The house embodies the characteristics of modernist residential design from its horizontal form, lack of ornamentation, sculptural qualities and materials. Many modern structures also emphasize functional features. The Crowther House was oriented and designed so that the majority of the windows were placed on the southern side to capture the most hours of sunlight. This includes the angled windows in the prominent triangular feature atop the building which provide a breadth of natural lighting for the structure.
Westword writer and architectural critic Michael Paglia describes Crowther’s body of work as “…not ugly neo-traditional buildings; rather, they are shamelessly modern and breathtakingly beautiful. They show off groundbreaking technologies contained within vanguard formal expressions, and the best of them are as sophisticated as anything anywhere in the world.” Denver has a few surviving examples of Crowther’s work, such as 500 Cook St., though some have been lost or are on the slate for demolition. An often-cited example of his solar design in Cherry Creek North is the office structure at 310 Steele Street, which received a certificate for demolition eligibility from the city earlier this year.
Richard Crowther was born in 1910 in Newark, New Jersey. He relocated to San Diego when he was 21. There he began his career in design working with neon lights, something that would often be emphasized in his early career. Crowther received some formal training, but he learned much about design while on the job. His interest in sustainable design began in 1943 when he built his first passive home in San Diego’s Balboa Park. Crowther made his way to Denver in 1948 and got his start at Lakeside Amusement Park. Crowther designed a number of signs, ticket booths and ride entrances during a partial remodel of the park in the late 1940s. Lakeside was just the start of a long and influential career in Denver. Early on he was known for designing buildings for well known businesses such as Joslin’s and Fashion Bar department stores, King Soopers grocery stores, and several restaurants. A few iconic restaurant designs of Crowther’s were the Holiday Drive-Inn, Golden Lantern and White Spot. He was known for some theater designs such as the Esquire and the Cooper Cinerama theaters. A number of these early Crowther designs have already been lost to demolition.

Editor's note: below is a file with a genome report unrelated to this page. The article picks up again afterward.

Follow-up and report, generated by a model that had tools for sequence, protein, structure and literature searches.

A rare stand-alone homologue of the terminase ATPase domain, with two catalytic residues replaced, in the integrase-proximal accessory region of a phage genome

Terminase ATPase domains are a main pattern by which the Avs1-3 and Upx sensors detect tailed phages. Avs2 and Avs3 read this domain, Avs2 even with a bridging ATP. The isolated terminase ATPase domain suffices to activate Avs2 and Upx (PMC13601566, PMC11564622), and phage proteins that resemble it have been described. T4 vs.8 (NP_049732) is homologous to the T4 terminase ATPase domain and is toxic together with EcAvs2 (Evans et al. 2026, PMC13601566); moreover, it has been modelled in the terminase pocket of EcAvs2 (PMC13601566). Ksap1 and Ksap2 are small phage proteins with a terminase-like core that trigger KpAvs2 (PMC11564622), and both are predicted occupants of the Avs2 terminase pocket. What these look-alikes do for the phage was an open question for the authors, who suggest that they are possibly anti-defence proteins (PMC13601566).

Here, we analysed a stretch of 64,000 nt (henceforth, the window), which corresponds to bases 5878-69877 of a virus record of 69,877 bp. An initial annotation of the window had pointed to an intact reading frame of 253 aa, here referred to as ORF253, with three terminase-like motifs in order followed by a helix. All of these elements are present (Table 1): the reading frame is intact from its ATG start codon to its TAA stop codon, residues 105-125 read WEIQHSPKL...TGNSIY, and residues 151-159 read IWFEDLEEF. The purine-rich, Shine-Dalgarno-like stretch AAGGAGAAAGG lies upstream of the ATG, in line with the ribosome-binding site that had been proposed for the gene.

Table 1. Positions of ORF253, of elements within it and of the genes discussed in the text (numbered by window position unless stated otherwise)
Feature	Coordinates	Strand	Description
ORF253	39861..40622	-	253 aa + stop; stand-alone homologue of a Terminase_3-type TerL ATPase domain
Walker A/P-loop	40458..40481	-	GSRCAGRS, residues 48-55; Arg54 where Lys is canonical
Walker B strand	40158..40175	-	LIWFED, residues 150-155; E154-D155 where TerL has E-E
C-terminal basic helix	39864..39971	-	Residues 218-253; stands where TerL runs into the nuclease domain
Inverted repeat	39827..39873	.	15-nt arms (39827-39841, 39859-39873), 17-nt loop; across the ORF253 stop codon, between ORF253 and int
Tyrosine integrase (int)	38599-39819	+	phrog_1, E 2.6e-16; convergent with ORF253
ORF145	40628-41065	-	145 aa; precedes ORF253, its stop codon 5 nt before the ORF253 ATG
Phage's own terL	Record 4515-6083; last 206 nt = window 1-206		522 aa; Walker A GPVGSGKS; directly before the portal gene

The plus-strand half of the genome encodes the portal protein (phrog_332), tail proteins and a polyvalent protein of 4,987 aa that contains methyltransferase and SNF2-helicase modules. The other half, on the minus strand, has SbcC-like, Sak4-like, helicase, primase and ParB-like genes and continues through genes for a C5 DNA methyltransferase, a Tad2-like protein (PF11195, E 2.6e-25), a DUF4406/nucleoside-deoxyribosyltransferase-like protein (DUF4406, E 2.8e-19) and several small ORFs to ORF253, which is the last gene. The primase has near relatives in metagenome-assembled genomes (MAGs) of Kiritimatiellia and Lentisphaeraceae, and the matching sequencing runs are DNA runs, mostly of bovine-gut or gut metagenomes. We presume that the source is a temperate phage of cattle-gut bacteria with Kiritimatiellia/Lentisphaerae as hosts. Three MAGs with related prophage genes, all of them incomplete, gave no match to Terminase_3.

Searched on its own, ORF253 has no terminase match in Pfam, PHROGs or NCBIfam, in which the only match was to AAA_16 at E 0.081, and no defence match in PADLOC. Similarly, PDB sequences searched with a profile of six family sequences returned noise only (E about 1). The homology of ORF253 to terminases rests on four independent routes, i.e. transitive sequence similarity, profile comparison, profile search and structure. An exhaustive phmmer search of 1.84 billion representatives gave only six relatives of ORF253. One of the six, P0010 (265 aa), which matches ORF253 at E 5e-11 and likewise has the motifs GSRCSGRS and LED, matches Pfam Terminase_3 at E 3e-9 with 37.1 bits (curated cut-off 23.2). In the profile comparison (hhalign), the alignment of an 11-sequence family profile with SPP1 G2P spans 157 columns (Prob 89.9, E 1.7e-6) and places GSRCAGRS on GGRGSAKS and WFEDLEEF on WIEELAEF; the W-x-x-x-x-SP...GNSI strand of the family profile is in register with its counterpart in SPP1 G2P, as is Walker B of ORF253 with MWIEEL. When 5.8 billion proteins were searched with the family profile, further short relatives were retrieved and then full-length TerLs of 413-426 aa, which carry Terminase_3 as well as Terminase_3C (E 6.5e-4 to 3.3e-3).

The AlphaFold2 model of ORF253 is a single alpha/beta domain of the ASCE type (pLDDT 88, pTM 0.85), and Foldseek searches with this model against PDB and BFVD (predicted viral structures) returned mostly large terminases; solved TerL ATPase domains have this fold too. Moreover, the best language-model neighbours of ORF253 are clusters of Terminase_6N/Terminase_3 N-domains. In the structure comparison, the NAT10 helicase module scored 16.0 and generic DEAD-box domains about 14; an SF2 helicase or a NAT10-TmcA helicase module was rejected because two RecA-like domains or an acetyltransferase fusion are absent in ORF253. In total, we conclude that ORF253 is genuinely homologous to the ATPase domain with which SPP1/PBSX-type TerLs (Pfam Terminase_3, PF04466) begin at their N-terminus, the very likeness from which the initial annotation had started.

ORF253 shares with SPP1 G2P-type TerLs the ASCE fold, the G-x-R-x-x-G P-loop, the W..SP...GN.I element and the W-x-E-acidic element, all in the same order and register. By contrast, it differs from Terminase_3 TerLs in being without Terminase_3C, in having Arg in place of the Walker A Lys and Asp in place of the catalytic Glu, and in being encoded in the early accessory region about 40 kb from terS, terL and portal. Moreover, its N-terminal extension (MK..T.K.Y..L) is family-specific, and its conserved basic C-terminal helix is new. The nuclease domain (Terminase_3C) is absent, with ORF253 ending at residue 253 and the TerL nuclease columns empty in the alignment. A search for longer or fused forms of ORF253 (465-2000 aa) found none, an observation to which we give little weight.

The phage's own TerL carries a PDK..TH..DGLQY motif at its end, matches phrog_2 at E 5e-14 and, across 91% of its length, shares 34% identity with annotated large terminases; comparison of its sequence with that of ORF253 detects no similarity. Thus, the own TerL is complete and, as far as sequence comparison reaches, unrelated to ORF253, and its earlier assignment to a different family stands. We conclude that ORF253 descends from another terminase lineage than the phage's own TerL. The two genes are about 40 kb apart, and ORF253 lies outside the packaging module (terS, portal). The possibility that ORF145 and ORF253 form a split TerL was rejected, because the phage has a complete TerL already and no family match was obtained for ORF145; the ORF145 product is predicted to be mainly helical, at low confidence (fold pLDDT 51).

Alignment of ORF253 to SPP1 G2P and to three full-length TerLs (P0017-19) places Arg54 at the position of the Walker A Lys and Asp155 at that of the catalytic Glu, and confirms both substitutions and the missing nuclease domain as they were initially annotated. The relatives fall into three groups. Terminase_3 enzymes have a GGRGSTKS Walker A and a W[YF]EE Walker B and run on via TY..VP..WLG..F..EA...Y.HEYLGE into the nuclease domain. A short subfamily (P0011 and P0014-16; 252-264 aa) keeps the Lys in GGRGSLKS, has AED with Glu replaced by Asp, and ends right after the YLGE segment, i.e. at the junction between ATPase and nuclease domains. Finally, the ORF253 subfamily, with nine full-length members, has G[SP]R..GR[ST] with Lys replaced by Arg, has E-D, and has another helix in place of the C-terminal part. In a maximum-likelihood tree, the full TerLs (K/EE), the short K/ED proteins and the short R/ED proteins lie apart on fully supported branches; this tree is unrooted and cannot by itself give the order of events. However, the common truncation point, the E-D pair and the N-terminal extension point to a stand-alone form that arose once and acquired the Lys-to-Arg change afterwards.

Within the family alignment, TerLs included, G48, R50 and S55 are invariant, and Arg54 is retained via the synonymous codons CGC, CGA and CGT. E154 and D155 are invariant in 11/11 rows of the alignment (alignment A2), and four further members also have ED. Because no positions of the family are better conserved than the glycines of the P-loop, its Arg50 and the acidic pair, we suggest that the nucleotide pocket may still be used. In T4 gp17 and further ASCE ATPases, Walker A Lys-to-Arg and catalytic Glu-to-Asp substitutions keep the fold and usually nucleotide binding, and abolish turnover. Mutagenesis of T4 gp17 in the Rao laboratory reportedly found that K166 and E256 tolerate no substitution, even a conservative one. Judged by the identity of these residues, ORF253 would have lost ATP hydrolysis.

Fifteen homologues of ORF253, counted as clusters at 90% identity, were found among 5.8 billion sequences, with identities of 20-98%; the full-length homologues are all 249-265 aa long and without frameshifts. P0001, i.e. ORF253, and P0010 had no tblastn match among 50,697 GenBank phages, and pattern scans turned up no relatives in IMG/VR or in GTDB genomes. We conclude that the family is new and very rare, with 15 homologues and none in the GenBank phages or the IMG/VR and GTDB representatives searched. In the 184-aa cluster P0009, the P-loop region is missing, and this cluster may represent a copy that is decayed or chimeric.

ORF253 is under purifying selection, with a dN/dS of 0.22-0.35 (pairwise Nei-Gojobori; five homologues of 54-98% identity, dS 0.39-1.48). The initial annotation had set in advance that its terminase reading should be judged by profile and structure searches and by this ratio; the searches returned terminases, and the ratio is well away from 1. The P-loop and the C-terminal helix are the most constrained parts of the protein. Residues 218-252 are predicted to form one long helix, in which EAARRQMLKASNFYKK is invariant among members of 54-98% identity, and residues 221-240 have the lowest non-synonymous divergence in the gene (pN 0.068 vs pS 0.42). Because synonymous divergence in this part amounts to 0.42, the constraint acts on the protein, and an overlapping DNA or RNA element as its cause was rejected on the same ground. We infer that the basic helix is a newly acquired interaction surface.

As Crowther’s career continued, he began to implement passive solar energy systems and holistic designs into his architecture. He became sought after in Colorado and the Southwest for this work. Crowther wrote papers, articles and books on the topic. He authored the textbook Sun/Earth: Sustainable Design which is considered a benchmark in holistic architecture design. The textbook contains arguments outlining economic and environmental benefits for passive design. Crowther lectured at the Smithsonian Institution, universities and conferences. Seen as an expert on the topic, Crowther laid the groundwork for the green building field, which did not come together formally until the 1990s.
Crowther was a major part of the development of the Cherry Creek neighborhood and designed a number of structures there, though many of them have been lost. He is also noted for his help in designing the Atmospheric Science CSU Solar House Environmental Village project at CSU in Fort Collins.
Crowther would occupy his Cherry Creek North residence until his death in 2006, but he left behind a rich legacy in Denver’s built environment and in the field of environmentalism.